Is consent present when someone is in a black out?
I’m sitting here thinking about consent, reality TV and alcohol.
All because of The Bachelor in Paradise.
This week, production on the Bachelor in Paradise was shut down. Various sources are reporting that the shut down happened due to a possible sexual assault.
The Bachelor in Paradise is a spin off of The Bachelor. The show bring back contestants from previous seasons of The Bachelor to hang out all together at a resort. Things get messy. Lots of alcohol is available. And everyone gets “another chance at love”.
According to multiple sources, two contestants got drunk and engaged in sexual activity in the pool (while being filmed, in front of a crew, of course). Later, one of those contestants said that she has no memory of the sexual contact, that it was not consensual and the producers should have stopped it.
TMZ states in an article that the contestant was “lucid” during the time sexual contact occurred, but, later she could barely walk and was “wearing her clothes inside out”.
Lots of alcohol. Cameras. Sex.
Does it matter if she was “lucid”?
No. It doesn’t.
She may have appeared utterly, completely, testifying-in-congress-worthy lucid, but been totally 100% gone in a black out.
Alcohol is tricky. Large amounts of alcohol consumed quickly, especially on an empty stomach can be even more slippery. It’s a recipe for a black out.
A black out is a reaction to alcohol consumption that prevents the brain from creating new memories and/or allows the creation very short term memories that disappear. The person who is experiencing a black out may appear to be present, may have control of their motor skills and may appear to be capable of making decisions. The person appears to be functioning, but they aren’t actually present, capable of decision making or of giving consent to sexual activity.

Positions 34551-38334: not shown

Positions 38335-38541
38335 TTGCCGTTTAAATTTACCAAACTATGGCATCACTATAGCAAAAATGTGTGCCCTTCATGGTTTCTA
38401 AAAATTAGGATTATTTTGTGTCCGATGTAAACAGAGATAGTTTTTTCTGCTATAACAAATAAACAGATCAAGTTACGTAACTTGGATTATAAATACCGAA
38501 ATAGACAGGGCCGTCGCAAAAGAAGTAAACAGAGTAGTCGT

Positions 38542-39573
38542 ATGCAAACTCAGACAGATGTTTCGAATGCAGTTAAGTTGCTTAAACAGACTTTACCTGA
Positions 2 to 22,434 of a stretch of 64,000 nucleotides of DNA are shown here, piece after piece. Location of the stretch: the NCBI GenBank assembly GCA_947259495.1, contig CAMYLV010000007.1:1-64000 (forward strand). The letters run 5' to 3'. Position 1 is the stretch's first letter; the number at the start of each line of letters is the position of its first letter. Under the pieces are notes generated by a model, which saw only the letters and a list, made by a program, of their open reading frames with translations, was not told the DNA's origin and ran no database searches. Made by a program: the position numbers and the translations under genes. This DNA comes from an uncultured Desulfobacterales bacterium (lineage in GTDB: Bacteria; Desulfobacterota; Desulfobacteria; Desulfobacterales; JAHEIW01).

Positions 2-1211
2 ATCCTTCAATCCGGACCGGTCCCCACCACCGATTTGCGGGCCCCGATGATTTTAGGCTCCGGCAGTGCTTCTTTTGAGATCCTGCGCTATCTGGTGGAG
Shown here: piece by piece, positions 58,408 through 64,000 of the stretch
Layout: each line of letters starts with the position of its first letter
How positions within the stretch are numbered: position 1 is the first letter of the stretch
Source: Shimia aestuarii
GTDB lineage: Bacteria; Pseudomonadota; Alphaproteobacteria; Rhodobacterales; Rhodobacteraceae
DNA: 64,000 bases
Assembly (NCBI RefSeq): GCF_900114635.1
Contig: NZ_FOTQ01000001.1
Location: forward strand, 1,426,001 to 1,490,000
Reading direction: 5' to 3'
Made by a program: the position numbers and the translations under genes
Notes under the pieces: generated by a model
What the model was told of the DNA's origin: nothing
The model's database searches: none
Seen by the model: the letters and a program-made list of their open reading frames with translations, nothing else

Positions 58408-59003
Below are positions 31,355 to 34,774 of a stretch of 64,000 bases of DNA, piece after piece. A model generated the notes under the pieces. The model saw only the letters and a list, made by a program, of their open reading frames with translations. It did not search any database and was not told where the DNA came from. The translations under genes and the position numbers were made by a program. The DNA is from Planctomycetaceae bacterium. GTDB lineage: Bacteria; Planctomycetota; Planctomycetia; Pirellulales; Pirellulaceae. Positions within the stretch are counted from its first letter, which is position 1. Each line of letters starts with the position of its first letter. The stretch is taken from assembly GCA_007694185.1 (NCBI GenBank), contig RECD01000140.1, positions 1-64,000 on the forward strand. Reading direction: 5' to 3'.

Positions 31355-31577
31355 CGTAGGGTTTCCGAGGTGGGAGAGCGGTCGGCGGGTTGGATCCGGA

Black outs are most likely to happen when someone drinks alcohol quickly, and/or on an empty stomach. Women, as a group are slightly more likely to experience blackouts. Researchers also believe that there is a genetic component that makes some people more prone to blackouts than others.
How do you know that someone is in a black out? You may not be able to tell at all.
So what do you do? If you or your potential partner have really been throwing them back, how do you know if either of you are really present and able to give consent? The conservative answer is, if you and/or your partner have been hitting the alcohol hard, don’t have sex.
Right. I know. That doesn’t sound fun. The good news about this option is, later, you're sober, if you choose to have sex, it will be way better. Alcohol makes it more difficult to feel things. Sex is definitely something you want to feel! Alcohol can make it harder to be clear about what kinds of things you love to give and receive, but the next day? You can be clear as hell and set the world on fire.
Do you still want to go ahead? The thought of having awesome sex when you’re sober isn’t enough? Here’s where you need to think about consequences. Do you want to wake up the next morning next to someone who is surprised to see you there? Who doesn’t remember taking off their clothes with you? Or having sex with you? To realize that you had sex with someone who didn’t consent? That, intentionally or not, you violated that person? Regardless of intention, the harm is real. That’s a horrible position to be in.
So take the safer, sexier road and wait til you're sober.
Maybe brush your teeth first.